If you read our first Childish Reads post on pregnancy books, you know that Bringing Up Bébé is one of my top recommendations for moms. I admit, I am a Francophile and having my daughters be prim and proper is a nice little fantasy. But, I didn’t want to pigeon-hole myself into thinking that one book was going to perfectly change my entire outlook on parenting.
To tip the scales in a different direction, I decided to read two additional and arguably polar opposite parenting titles. What could I take from all three of these books, and what could be chalked up to just parenting clickbait?
For this edition of Childish Reads, I’m giving you my takeaways of:
The Happiest Kids in the World: How Dutch Parents Help Their Kids (and Themselves) by Doing Less by Rina Mae Acosta and Michele Hutchison
Bringing Up Bébé: One American Mother Discovers the Wisdom of French Parenting by Pamela Druckerman
Battle Hymn of the Tiger Mother by Amy Chua
Here are all three in the simplest terms:
The Happiest Kids in the World – You are a kid. Go play.
Bringing Up Bébé – You are a little adult. Play nice.
Battle Hymn – You are an extension of me. Play?
All three titles are personal parenting stories. None of the authors are trained in child development or sociology.
In The Happiest Kids, both authors are expats who have relocated to The Netherlands with their Dutch-born spouses. Fun Fact: Mary and I went to college and were on a cultural dance team with Rina Acosta’s husband, who is included in the book. We don’t personally know her, just a small world!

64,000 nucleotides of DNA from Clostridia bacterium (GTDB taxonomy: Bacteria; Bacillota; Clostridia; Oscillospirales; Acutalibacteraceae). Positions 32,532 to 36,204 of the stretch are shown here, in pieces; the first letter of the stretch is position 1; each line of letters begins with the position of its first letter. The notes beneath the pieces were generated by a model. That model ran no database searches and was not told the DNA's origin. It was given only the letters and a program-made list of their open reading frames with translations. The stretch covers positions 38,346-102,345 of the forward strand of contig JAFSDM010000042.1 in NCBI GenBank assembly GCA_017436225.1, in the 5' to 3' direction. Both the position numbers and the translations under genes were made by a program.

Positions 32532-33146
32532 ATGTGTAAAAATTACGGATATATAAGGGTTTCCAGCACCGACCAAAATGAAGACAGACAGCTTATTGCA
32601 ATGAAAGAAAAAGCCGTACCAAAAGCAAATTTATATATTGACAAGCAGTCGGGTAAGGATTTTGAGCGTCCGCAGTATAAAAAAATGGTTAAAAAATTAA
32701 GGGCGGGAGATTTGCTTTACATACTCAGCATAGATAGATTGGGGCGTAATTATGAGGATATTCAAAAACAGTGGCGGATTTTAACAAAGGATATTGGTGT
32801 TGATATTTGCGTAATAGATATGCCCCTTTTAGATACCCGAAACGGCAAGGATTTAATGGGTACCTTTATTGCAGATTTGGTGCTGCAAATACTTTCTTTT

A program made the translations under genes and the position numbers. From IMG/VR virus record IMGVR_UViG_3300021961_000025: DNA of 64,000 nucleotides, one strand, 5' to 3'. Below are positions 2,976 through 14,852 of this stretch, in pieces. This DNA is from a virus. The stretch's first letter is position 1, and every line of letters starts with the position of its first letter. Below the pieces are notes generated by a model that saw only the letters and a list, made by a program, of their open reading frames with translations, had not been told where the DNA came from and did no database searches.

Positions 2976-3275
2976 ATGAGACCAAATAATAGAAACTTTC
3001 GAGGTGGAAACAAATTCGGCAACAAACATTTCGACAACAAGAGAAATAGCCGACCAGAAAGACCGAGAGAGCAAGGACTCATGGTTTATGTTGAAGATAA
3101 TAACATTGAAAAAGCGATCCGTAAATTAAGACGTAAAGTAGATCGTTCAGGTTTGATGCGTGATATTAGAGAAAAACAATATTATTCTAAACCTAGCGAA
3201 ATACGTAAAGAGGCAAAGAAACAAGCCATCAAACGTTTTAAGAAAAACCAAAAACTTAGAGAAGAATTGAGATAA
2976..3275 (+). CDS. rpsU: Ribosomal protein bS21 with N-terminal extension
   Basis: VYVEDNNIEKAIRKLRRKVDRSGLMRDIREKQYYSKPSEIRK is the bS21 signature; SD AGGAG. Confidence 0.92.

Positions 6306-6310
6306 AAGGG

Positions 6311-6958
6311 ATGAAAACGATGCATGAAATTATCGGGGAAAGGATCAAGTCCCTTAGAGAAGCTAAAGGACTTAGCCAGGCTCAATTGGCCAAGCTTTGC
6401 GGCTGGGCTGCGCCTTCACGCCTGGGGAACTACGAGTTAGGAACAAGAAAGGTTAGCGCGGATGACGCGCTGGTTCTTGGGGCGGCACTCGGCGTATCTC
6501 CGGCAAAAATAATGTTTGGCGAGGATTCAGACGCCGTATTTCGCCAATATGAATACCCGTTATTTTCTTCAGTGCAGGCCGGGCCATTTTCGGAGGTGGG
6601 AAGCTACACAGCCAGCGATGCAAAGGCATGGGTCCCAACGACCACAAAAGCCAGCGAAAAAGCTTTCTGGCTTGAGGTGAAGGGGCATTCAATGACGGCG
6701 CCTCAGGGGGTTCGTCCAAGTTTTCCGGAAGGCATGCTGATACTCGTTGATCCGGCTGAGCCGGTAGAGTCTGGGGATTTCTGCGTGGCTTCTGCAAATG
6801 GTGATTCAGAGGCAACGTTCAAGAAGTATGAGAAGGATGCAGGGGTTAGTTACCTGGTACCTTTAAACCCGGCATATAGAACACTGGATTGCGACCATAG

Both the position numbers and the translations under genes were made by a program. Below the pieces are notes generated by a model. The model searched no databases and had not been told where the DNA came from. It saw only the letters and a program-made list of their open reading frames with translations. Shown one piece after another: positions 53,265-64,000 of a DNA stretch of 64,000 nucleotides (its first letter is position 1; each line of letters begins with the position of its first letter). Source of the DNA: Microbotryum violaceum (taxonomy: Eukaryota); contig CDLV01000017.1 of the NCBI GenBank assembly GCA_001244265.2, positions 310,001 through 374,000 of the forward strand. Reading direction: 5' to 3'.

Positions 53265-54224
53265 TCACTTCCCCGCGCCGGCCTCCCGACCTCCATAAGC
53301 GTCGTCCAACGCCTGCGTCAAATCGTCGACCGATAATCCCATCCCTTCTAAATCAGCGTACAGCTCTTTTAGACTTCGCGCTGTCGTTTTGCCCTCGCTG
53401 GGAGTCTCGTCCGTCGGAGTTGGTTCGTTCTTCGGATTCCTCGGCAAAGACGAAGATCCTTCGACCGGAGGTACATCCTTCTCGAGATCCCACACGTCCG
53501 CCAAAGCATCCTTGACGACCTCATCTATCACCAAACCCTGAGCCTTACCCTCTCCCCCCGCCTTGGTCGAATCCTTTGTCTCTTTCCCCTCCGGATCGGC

As Americans, we are generally not impressed with just being good enough. But, how does that philosophy affect our next generation? The Dutch believe in doing and being happy with “just enough”, and they are consistently ranked as one of the happiest countries in the world. This book brings in the benefits of simple parenting: lots of outdoor time, getting muddy, letting kids play independently and make friends. Music to an OTs ears! There is also considerably less pressure for kids to make perfect grades, or to be the first kid to learn to read, or to get into the most challenging schools.
The book points out that American and British parents are so wrapped up in their kid’s success and in parenting competition that no one is having fun. When our family unit can just be happy with enough, then there is a better chance to create self-sufficient kids and build strong family bonds and experiences.
The Dutch have one of the lowest obesity rates in the world.
Homework is not given to children in primary school.
Grades are based on your child’s own development, not in competition with the rest of the class.
Outdoor play is a priority as well as travel.
“There’s no such thing as bad weather, just bad clothes.”
Birthday parties are simple and small, to emphasize that it’s just close friends and family that really matter.
Seek to do good, instead of to do well.
Bringing Up Bébé is one of the most popular parenting books, but it does have a few distinctions that make it hard for American families to adopt. First, there is huge praise for Universal Daycare. As a working mom, I would personally love a quality, all-day neighborhood daycare. One that gets kids and toddlers socialized, feeds them amazing healthy food, and is completely government subsidized. If that’s not your bag, that’s cool, but this book puts up a solid argument.
The second big factor is that, according to the book, French women are more committed to their marriages. They take their duties to their spouses seriously, especially when it comes to dressing, staying in shape, and keeping the romance. That’s not to say that they are submissive or conservative, but it teaches the child that they are not the center of the universe.